December 24th, 2007


Recent Reading: Children of God by Mary Doria Russell

This is the sequel to The Sparrow, which I reviewed here. I found the first book a captivating, albeit flawed, First Contact novel with religious overtones. The Society of Jesus sends the first mission to the planet Rakhat, from which radio broadcasts that sound like people singing have come to Earth. Charmed by music from another planet, Father Emilio Sandoz and his fellow explorers - three other Jesuit priests, a married couple, and a single man and single woman - look on their mission as part of God's plan to bring intelligent species together. As happens even on this planet when people encounter unfamiliar civilizations, misunderstandings abound and the mission ends tragically, with Emilio the only survivor. A broken man - physically, emotionally, and spiritually - he returns to Earth to find that he is the subject of revulsion within his own order and tabloid smearing to the world at large for crimes he supposedly committed while on Rakhat. Much of the novel's exposition reveals to the reader what really happened on Rakhat.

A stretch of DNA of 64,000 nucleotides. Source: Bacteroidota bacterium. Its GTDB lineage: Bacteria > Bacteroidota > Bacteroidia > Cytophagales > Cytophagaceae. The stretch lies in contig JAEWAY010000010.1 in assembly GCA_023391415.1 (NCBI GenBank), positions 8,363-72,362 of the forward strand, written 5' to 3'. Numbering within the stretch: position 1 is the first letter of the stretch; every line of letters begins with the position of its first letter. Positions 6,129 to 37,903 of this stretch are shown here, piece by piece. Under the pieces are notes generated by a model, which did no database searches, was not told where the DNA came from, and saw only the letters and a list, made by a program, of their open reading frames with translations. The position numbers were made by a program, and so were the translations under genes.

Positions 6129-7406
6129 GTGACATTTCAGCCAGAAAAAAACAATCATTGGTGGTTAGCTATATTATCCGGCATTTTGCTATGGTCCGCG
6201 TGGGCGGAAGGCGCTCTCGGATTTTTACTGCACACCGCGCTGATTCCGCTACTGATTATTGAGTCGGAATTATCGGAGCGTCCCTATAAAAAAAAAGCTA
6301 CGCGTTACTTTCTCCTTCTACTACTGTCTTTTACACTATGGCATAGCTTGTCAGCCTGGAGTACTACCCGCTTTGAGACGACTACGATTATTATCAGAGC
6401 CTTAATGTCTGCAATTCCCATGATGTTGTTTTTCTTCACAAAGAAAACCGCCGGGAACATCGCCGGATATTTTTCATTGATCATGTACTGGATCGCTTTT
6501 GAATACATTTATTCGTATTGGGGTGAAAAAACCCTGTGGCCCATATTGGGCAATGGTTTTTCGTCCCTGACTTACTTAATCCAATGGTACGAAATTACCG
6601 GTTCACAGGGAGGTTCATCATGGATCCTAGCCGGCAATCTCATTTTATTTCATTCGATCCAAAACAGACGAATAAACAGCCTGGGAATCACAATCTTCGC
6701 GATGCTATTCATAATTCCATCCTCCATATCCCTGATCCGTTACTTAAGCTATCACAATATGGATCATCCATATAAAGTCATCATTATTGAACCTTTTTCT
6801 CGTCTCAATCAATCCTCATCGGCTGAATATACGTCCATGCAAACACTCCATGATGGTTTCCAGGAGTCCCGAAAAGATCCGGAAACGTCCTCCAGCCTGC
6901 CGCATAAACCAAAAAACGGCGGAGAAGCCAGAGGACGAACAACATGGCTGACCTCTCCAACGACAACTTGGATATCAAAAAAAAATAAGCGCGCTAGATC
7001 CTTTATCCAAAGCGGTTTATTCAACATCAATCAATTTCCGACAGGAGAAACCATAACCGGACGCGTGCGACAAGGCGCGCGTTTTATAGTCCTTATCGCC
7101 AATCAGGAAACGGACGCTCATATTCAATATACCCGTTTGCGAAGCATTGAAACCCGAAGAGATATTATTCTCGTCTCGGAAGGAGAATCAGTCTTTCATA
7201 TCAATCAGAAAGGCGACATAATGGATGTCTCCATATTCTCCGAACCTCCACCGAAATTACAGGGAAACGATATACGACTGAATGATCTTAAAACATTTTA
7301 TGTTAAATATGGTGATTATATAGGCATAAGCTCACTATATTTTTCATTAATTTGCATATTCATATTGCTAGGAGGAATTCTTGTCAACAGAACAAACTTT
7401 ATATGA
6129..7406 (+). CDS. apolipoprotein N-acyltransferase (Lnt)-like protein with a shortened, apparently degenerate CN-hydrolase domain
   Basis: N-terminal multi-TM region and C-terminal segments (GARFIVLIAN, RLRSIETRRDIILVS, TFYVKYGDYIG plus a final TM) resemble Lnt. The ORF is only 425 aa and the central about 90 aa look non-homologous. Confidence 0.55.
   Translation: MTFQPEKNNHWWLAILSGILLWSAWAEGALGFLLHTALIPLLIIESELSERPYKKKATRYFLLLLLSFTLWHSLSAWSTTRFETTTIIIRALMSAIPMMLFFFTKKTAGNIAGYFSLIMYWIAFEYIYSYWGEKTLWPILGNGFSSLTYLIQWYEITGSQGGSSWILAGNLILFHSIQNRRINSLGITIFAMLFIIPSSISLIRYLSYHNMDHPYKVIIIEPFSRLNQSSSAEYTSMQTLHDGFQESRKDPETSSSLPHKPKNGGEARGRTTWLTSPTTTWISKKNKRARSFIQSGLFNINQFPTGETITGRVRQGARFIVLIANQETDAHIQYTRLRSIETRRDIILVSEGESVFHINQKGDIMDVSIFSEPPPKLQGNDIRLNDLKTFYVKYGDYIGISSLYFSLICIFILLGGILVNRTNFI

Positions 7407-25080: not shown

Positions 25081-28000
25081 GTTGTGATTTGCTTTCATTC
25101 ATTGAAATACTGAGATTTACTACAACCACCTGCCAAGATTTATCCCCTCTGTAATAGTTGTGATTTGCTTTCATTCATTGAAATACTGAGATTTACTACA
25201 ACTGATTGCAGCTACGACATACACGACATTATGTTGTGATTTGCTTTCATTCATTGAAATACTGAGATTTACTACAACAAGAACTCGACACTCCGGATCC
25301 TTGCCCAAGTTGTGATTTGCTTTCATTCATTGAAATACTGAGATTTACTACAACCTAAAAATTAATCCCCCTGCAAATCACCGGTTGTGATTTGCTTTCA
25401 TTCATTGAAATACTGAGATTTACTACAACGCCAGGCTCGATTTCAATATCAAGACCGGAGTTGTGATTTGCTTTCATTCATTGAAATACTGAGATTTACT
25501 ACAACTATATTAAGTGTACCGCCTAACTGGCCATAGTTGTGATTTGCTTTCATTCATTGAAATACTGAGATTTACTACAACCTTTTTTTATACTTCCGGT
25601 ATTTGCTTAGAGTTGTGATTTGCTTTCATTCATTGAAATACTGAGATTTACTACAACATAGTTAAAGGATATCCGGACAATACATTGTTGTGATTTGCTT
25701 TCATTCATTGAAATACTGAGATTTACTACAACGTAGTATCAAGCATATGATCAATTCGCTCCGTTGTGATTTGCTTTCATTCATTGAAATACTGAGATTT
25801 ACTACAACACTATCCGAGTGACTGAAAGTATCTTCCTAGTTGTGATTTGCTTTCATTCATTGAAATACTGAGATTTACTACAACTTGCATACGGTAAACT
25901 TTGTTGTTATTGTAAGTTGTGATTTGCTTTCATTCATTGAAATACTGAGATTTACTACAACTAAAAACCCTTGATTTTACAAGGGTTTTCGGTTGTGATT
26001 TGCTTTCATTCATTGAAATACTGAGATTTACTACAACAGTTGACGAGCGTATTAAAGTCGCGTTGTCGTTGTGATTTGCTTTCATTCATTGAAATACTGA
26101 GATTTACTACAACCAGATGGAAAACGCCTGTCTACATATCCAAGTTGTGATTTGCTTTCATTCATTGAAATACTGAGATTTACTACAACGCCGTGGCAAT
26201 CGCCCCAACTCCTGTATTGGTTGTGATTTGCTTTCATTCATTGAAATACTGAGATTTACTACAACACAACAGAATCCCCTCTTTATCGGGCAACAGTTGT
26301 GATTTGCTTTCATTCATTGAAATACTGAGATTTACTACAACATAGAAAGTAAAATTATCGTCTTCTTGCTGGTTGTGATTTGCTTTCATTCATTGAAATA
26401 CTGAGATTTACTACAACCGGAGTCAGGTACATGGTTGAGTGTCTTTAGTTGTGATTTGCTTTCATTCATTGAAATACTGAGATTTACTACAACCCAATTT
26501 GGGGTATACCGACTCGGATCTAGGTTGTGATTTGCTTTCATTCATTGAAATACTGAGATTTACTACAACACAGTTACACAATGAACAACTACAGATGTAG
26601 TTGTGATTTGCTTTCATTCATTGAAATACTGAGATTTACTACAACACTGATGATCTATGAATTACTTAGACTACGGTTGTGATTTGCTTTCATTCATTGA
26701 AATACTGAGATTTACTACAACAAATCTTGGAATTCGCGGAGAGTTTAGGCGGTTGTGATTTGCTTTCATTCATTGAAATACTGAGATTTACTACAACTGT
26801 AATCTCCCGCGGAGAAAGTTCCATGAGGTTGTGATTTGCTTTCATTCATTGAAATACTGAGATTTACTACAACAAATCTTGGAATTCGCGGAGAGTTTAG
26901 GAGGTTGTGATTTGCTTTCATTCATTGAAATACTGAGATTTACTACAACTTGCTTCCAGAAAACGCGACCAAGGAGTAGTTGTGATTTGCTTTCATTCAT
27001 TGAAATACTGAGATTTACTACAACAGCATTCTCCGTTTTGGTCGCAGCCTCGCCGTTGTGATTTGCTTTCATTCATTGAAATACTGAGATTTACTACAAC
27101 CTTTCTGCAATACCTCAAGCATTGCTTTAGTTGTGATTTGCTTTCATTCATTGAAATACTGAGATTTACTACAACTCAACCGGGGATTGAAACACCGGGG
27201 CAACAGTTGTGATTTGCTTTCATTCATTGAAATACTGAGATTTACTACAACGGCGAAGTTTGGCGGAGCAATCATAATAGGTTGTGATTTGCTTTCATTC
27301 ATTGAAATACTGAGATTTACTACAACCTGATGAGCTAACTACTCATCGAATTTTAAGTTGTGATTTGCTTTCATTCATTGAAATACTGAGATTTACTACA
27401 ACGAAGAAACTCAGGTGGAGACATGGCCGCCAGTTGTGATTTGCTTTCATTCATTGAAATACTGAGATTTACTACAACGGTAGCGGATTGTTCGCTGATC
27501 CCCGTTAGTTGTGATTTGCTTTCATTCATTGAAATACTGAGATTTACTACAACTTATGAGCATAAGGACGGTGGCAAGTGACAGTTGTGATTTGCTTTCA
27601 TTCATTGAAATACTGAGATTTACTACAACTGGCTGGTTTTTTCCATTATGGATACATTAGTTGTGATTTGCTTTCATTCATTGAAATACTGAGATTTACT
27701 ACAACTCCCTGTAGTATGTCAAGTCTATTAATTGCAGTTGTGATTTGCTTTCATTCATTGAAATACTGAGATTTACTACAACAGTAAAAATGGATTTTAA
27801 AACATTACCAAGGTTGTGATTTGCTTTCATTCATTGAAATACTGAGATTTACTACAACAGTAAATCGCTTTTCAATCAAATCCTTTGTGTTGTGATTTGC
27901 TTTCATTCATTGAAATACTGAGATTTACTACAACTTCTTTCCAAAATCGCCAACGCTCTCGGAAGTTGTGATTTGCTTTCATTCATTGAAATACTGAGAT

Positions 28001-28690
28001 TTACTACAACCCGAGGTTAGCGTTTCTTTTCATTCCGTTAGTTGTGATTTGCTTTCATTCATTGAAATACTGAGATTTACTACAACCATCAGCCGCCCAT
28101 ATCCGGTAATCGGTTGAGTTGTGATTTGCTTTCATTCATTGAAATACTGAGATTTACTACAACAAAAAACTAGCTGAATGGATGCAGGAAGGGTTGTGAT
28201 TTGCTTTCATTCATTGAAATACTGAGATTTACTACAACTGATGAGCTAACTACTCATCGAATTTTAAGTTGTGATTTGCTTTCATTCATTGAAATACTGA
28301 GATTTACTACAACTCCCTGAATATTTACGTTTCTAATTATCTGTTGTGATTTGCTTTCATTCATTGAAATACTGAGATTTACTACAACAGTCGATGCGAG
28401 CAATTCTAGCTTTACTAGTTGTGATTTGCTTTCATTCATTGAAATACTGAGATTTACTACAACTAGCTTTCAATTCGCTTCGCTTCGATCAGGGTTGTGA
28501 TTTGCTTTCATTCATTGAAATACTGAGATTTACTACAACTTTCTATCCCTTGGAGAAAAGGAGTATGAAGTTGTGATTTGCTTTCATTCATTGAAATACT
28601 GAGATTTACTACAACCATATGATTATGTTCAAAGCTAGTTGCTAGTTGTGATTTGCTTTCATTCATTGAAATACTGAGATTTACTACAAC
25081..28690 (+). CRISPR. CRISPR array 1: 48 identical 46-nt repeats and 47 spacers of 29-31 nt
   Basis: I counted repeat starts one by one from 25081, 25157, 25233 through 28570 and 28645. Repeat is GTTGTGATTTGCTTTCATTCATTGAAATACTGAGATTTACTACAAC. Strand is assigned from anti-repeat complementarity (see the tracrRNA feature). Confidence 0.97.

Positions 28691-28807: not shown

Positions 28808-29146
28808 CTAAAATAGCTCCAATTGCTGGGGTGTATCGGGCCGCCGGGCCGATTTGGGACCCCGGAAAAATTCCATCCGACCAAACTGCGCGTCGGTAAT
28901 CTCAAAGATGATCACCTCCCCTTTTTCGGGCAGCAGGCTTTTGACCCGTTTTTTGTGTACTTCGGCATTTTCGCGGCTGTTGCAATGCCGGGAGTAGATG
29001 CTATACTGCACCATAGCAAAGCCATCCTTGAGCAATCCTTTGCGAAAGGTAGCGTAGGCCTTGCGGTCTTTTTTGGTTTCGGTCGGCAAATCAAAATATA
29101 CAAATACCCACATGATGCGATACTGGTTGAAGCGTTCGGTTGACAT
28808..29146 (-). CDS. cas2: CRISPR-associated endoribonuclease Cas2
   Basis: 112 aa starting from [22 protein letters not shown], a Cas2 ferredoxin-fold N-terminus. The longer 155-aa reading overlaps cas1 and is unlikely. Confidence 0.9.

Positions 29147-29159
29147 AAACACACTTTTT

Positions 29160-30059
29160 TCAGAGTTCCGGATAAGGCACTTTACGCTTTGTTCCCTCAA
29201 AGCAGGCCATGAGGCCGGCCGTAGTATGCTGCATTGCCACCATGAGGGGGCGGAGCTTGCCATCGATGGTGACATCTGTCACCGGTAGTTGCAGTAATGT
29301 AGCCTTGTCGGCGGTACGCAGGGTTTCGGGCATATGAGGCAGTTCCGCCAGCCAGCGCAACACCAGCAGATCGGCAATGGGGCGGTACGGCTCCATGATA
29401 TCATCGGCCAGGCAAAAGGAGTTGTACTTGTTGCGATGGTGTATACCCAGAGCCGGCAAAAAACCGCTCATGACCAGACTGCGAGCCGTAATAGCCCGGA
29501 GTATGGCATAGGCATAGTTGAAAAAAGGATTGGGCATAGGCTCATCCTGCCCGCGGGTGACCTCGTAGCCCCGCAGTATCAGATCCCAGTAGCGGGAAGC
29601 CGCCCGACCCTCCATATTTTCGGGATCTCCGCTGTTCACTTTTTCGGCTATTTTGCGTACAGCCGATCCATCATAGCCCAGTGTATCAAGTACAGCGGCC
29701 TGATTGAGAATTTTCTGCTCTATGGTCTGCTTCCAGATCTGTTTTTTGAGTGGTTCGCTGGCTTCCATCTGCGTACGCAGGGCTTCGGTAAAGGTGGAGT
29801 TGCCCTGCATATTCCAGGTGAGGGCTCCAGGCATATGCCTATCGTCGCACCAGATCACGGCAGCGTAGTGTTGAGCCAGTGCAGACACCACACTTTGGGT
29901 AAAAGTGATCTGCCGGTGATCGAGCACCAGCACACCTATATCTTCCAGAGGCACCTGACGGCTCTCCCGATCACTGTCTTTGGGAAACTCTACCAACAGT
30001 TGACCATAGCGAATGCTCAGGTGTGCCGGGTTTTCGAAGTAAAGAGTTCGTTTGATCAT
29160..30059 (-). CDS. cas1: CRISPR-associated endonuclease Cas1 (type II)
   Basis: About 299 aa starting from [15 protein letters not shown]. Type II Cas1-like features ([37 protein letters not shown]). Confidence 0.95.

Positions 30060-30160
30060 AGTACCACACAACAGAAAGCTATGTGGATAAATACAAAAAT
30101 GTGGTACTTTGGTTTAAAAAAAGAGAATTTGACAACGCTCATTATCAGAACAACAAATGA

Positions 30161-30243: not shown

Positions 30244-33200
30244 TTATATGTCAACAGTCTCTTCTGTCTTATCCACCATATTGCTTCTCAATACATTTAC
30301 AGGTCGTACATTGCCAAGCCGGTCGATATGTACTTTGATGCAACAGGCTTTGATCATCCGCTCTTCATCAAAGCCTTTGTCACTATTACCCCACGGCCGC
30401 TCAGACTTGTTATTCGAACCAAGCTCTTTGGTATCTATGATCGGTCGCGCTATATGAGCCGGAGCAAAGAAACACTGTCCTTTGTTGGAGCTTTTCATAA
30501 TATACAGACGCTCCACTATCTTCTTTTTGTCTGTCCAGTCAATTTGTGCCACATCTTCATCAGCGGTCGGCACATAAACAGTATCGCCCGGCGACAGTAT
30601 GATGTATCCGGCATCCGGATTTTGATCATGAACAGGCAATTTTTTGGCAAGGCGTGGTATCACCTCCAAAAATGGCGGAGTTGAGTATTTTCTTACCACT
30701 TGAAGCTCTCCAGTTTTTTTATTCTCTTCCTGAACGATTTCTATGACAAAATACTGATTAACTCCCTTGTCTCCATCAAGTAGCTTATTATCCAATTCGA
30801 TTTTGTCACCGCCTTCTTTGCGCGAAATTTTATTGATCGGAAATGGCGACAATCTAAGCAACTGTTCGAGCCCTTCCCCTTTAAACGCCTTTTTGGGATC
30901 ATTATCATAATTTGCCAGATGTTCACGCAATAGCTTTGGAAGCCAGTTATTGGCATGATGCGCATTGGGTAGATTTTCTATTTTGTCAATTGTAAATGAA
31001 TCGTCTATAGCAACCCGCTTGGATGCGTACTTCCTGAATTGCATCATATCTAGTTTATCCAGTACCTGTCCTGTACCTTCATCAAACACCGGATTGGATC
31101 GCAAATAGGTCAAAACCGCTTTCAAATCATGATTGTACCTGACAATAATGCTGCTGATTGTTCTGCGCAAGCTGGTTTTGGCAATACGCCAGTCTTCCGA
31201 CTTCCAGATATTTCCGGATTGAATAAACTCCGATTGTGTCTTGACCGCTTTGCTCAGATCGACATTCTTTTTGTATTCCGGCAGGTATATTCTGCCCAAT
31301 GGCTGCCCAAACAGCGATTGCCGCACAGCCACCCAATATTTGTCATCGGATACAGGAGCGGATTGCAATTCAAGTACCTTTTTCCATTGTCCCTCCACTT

Children of God is concerned primarily with the second Jesuit excursion to the planet Rakhat, one intended to heal wounds of various kinds. Collapse )
I enjoyed this book considerably more than the first, which I had quite liked. Russell has some problems with plot and plausibility that were evident in both books, but in this one they were much more pronounced in the Earth segment of the book, which is brief. I found the characters in the second book more compelling and more fully realized, for the most part, and the philosophical questions better integrated with the personal story. I felt so for the plight of the characters that I cried through much of the second half of the book and find myself thinking about them - particularly Ha'anala - at odd times since. Children of God is definitely a book worth reading and one I expect will stay with me for a long time.